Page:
Tucked away between housing estates in southern Edinburgh, and next to a thriving community allotment, Bridgend Farmhouse languished derelict for many years. Now local volunteers have given it a new lease of life through collaborative grassroots action to achieve the first ever asset transfer for nil cost, from Edinburgh City Council.
In 2010 a group of people formed Bridgend Inspiring Growth (BIG), tapping into local passion and initiative to encourage the regeneration of the Bridgend Farmhouse. This re-imagined community building would be a community-led local hub for learning, eating and exercise, acting as a beacon of sustainable and inclusive practice to support social and environmental resilience.
Building on several community days and activities, BIG invited The Glass-House in 2011 to devise and deliver a workshop to explore ideas for the building and to learn about design to support the development of the Farmhouse. Through hands-on learning and sharing of local knowledge and history, the workshop inspired a diverse group of people to see what they might do together.
Participants in the Glass-House workshop explore a visual appraoch to creating a vision for the Farmhouse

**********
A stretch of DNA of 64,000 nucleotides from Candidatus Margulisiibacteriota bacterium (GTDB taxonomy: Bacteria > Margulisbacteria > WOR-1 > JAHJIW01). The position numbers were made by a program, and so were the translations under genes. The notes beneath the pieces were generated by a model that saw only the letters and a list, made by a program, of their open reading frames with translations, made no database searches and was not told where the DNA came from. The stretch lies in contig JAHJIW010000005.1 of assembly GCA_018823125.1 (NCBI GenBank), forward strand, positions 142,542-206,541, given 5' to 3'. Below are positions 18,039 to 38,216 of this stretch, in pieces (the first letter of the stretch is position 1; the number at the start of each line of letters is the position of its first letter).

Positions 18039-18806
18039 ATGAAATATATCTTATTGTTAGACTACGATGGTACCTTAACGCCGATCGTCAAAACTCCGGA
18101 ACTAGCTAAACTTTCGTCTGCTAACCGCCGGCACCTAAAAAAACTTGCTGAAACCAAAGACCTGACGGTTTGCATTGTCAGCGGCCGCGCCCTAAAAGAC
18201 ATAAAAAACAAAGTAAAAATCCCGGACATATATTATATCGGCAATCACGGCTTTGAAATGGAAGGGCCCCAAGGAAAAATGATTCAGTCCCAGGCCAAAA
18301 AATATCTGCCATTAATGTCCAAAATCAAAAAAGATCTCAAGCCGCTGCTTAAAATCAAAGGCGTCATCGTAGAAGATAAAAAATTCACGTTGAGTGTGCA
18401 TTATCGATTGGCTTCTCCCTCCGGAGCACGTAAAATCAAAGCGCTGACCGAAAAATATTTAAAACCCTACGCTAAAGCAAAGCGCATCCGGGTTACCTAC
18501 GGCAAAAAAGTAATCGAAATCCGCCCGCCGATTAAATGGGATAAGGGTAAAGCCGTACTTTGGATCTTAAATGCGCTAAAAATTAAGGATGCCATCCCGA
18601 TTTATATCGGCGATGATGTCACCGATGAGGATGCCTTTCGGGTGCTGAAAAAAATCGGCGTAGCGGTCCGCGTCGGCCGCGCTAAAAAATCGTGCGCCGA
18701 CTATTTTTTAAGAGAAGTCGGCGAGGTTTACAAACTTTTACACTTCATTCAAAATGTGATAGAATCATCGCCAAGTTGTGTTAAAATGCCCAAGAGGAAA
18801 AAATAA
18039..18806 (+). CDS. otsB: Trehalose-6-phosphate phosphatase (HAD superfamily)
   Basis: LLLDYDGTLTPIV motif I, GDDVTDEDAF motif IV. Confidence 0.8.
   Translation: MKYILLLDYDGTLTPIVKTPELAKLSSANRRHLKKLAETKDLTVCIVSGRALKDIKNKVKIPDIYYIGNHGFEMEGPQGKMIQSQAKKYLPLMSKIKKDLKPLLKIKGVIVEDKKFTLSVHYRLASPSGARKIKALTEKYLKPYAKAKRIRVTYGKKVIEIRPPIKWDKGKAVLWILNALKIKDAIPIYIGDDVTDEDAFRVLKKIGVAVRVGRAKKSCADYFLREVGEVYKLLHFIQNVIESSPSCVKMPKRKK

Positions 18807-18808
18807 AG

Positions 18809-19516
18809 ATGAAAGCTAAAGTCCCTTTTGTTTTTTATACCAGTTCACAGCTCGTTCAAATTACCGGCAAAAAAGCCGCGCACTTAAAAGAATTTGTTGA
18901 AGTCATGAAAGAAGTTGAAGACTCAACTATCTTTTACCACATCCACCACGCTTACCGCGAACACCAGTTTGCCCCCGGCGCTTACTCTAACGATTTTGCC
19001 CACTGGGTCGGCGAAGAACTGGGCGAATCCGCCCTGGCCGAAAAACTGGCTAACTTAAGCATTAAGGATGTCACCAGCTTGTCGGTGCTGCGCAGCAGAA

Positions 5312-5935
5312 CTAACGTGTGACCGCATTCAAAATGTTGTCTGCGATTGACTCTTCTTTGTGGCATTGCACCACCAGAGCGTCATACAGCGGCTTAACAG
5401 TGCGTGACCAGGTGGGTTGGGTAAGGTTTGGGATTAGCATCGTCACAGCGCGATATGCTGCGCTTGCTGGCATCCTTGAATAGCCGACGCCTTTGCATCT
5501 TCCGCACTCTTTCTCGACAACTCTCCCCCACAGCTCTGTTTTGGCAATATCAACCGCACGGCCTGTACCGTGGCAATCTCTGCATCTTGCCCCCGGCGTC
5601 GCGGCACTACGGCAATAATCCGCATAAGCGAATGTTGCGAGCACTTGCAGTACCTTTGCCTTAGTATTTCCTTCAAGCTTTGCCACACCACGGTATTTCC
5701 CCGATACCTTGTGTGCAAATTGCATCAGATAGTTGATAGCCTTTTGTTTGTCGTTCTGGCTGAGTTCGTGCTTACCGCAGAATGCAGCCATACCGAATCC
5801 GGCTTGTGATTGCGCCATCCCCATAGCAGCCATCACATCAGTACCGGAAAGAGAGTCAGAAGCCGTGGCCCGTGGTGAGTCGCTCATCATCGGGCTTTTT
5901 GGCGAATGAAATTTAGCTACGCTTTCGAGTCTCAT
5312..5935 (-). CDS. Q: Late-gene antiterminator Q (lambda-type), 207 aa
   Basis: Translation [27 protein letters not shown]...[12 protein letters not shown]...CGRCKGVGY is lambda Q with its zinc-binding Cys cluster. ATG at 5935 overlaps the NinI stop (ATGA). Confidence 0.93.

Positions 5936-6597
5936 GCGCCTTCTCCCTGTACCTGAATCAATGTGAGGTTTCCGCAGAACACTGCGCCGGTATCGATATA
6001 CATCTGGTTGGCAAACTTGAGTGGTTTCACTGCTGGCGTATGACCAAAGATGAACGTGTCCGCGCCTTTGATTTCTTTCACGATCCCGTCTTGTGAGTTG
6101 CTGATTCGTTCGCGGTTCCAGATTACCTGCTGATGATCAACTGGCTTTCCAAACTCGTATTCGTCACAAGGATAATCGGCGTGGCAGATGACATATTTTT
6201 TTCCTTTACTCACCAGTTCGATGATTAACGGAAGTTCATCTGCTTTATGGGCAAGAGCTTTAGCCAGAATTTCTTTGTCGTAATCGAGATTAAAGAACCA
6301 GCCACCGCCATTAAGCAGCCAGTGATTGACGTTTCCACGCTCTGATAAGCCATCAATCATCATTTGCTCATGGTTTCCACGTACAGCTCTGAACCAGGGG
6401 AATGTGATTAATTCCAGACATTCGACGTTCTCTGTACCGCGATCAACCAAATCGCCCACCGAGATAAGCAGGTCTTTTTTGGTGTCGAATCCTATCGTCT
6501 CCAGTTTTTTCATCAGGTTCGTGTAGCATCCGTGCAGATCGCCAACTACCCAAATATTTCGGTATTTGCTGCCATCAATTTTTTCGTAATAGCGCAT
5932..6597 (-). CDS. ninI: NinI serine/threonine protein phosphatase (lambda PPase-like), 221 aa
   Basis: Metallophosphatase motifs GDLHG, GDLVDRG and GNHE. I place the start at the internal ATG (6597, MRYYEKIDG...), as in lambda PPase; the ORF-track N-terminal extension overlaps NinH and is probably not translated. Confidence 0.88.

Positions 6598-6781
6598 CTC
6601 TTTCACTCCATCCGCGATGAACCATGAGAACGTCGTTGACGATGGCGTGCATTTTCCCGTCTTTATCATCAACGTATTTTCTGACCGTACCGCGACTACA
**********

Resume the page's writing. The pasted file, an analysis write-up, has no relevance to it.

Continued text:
“Having the design workshop day at the beginning gave us a focus and brought us together. We had to have something that articulated our vision – and the workshop was the beginning of it.”
– Will Golding, Chair Bridgend Inspiring Growth
At further community engagement events the group used Glass-House workshop materials and design ideas as a starting point for conversation and to talk about what the future Farmhouse might include and look like.
A few years later an Edinburgh University student led a project with BIG to engage the community widely and creatively in the design process, and helped build local support, understanding and connection to the project. The Glass-House was invited to advise on the planned community engagement activities, and supported with general insight into community engagement, as well as helped to develop specific ideas and recommendations. Her student placement included a series of workshops in schools and a mental health project, all of which was filmed and edited into a film: Past, present and future.
Creative design ideas from a participant in community activities to imagine what the Farmhouse might be
BIG’s ethos of community leadership runs throughout the project. None of the original members of BIG knew about “all the things you need to do” around community engagement and design: “We’ve relied on expertise we’ve been able to get from others like The Glass-House and from other training and visits. It has meant that not one person holds the knowledge, which is part of our ethos: a more horizontal, consensus and informal decision making,“ says Will.
The community celebrate a Summer Solstice Party at the Farmhouse